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The Productivity Paradox: What Is It And How Can We Move Beyond It?

The Productivity Paradox: What Is It And How Can We Move Beyond It?

It’s a depressing adage we’ve all heard time and time again: An increase in technology does not necessarily translate to an increase in productivity.

Put another way by Robert Solow, a Nobel laureate in economics,

“You can see the computer age everywhere but in the productivity statistics.”

In other words, just because our computers are getting faster, that doesn’t mean that that we will have an equivalent leap in productivity. In fact, the opposite may be true!

New York Times writer Matt Richel wrote in an article for the paper back in 2008 that stated, “Statistical and anecdotal evidence mounts that the same technology tools that have led to improvements in productivity can be counterproductive if overused.”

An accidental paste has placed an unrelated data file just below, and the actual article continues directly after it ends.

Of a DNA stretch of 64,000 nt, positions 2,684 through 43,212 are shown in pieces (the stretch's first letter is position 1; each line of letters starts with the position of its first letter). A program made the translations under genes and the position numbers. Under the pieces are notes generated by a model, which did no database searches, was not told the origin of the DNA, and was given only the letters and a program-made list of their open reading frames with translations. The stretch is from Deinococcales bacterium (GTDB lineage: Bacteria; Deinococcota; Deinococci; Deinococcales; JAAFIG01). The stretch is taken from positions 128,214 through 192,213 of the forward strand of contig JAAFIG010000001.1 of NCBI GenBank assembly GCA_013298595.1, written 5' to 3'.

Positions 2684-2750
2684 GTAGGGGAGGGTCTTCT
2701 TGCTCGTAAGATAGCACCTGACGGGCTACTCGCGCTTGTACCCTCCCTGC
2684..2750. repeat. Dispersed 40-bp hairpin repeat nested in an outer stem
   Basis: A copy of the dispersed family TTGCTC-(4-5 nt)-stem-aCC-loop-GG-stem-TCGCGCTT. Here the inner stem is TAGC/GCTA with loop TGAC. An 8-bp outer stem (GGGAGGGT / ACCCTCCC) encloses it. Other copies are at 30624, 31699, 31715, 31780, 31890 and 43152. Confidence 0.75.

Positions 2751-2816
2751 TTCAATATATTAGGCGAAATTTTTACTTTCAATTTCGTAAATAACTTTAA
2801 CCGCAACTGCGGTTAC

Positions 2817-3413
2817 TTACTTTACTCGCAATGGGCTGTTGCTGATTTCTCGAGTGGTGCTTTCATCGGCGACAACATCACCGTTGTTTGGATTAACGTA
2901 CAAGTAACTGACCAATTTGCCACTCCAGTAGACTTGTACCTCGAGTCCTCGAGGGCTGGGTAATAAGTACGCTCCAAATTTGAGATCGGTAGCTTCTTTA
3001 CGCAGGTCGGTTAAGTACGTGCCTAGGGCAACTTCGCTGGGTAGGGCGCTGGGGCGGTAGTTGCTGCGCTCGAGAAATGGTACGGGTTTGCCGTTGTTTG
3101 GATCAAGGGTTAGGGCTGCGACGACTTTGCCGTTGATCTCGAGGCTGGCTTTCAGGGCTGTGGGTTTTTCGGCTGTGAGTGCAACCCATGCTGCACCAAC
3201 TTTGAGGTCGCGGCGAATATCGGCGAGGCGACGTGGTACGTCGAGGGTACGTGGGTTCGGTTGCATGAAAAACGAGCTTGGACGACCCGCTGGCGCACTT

There’s a strange paradox when it comes to productivity. Rather than an exponential curve, our productivity will eventually reach a plateau, even with advances in technology.

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So what does that mean for our personal levels of productivity? And what does this mean for our economy as a whole? Here’s what you should know about the productivity paradox, its causes, and what possible solutions we may have to combat it.

What is the productivity paradox?

There is a discrepancy between the investment in IT growth and the national level of productivity and productive output. The term “productivity paradox” became popularized after being used in the title of a 1993 paper by MIT’s Erik Brynjolfsson, a Professor of Management at the MIT Sloan School of Management, and the Director of the MIT Center for Digital Business.